1.5 $US to the Pound. Unfortunately, we cannot accept credit card
payments.

================================================================

		REGISTRATION FORM
		=================

Name:			_______________________________________________

Title:			_______________________________________________

Department:		_______________________________________________

Institution/
Organisation:		_______________________________________________

Address:		_______________________________________________

Postcode/City:		_______________________________________________

Country			_______________________________________________

Telephone:		____________________________

Fax:			____________________________

Email:			____________________________


Type of registration (both events, DAARC96 only, or IndiAna only):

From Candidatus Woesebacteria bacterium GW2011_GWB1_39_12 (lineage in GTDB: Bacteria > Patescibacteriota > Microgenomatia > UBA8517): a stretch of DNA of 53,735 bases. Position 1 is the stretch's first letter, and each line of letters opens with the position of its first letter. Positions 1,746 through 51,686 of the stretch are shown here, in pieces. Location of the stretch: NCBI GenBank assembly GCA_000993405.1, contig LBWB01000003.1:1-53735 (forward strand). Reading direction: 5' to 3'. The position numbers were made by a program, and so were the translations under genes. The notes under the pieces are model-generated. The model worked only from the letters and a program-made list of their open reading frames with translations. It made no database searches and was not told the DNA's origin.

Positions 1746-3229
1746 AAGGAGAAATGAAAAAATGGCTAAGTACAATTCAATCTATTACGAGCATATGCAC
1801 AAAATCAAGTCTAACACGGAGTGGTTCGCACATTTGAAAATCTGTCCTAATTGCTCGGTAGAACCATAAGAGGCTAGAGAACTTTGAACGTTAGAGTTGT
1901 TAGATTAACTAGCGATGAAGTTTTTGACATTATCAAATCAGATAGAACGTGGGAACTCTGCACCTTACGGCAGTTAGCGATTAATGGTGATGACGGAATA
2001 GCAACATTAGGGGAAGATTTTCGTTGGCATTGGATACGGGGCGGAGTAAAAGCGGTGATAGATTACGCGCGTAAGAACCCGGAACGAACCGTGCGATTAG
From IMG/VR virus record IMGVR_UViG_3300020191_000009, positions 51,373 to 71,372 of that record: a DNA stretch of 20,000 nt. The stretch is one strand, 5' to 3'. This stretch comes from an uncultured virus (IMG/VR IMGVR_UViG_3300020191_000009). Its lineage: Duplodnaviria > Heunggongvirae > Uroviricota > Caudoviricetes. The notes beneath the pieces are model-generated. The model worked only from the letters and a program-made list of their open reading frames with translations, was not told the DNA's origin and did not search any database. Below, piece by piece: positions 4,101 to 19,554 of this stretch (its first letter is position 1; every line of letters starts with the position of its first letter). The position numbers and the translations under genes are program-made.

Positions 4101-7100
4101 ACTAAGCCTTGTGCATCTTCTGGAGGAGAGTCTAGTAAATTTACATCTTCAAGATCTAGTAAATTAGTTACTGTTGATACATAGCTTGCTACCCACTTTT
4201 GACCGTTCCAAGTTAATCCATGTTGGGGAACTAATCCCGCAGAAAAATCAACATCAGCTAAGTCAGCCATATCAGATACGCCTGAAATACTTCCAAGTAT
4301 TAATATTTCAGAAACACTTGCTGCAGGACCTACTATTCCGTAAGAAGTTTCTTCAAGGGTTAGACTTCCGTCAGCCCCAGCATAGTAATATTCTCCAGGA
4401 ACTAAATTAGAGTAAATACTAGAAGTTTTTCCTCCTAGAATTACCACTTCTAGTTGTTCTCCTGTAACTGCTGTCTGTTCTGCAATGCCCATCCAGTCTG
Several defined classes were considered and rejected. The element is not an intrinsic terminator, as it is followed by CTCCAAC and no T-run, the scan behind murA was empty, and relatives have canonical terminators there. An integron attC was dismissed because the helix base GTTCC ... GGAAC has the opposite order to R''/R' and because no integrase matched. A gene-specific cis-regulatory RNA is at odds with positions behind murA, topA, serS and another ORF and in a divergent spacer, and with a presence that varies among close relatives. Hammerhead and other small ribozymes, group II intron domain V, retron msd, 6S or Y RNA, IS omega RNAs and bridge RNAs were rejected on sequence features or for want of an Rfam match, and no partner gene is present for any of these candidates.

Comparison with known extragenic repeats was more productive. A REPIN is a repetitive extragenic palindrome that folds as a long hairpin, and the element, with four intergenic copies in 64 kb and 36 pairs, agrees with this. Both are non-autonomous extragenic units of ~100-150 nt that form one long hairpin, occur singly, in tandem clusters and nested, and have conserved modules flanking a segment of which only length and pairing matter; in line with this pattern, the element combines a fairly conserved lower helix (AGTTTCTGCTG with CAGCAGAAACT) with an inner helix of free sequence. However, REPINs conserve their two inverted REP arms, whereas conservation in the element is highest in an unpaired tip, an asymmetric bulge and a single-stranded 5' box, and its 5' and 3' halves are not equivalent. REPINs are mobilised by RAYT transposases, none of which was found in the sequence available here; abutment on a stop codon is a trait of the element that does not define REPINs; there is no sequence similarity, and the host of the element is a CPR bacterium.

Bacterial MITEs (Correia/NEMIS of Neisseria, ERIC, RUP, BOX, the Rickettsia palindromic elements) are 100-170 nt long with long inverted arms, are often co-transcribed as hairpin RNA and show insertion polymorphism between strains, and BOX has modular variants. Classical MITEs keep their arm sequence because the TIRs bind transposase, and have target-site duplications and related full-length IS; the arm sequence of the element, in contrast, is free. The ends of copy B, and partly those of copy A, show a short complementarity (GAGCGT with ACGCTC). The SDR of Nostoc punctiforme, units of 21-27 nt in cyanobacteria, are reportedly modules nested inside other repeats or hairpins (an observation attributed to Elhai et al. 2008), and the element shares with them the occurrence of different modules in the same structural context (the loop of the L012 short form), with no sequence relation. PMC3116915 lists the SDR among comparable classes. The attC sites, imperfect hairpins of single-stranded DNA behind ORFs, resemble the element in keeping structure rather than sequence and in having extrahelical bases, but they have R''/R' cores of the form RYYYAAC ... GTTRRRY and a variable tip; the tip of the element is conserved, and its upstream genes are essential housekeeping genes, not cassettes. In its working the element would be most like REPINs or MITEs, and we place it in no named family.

( prices shown are in pounds sterling)

Attendance at both events		[ ]

						Residential	#225.00	[ ]
						Student		#170.00	[ ]
						Non-Residential	#90.00	[ ]

Attendance at DAARC96 only		[ ]
						Residential	#150.00	[ ]
						Student		#120.00	[ ]
						Non-Residential	#60.00 	[ ]
Attendance at IndiAna	 only		[ ]

						Residential	#75.00 	[ ]
						Student		#50.00	[ ]
						Non-Residential	#30.00	[ ]


NOTE: Students must provide written evidence of their full time student
status, such as an official headed letter from their supervisor.


Additional accomodation on night of July 16th
(including dinner on the 16th and breakfast on 17th):	#45.00	[ ]


Special dietary requirements:

None	[ ]	Vegetarian	[ ]		Vegan	[ ]		
Other	[ ]	
		Please specify:	_______________________________________

Any other comments:

________________________________________________________________________

________________________________________________________________________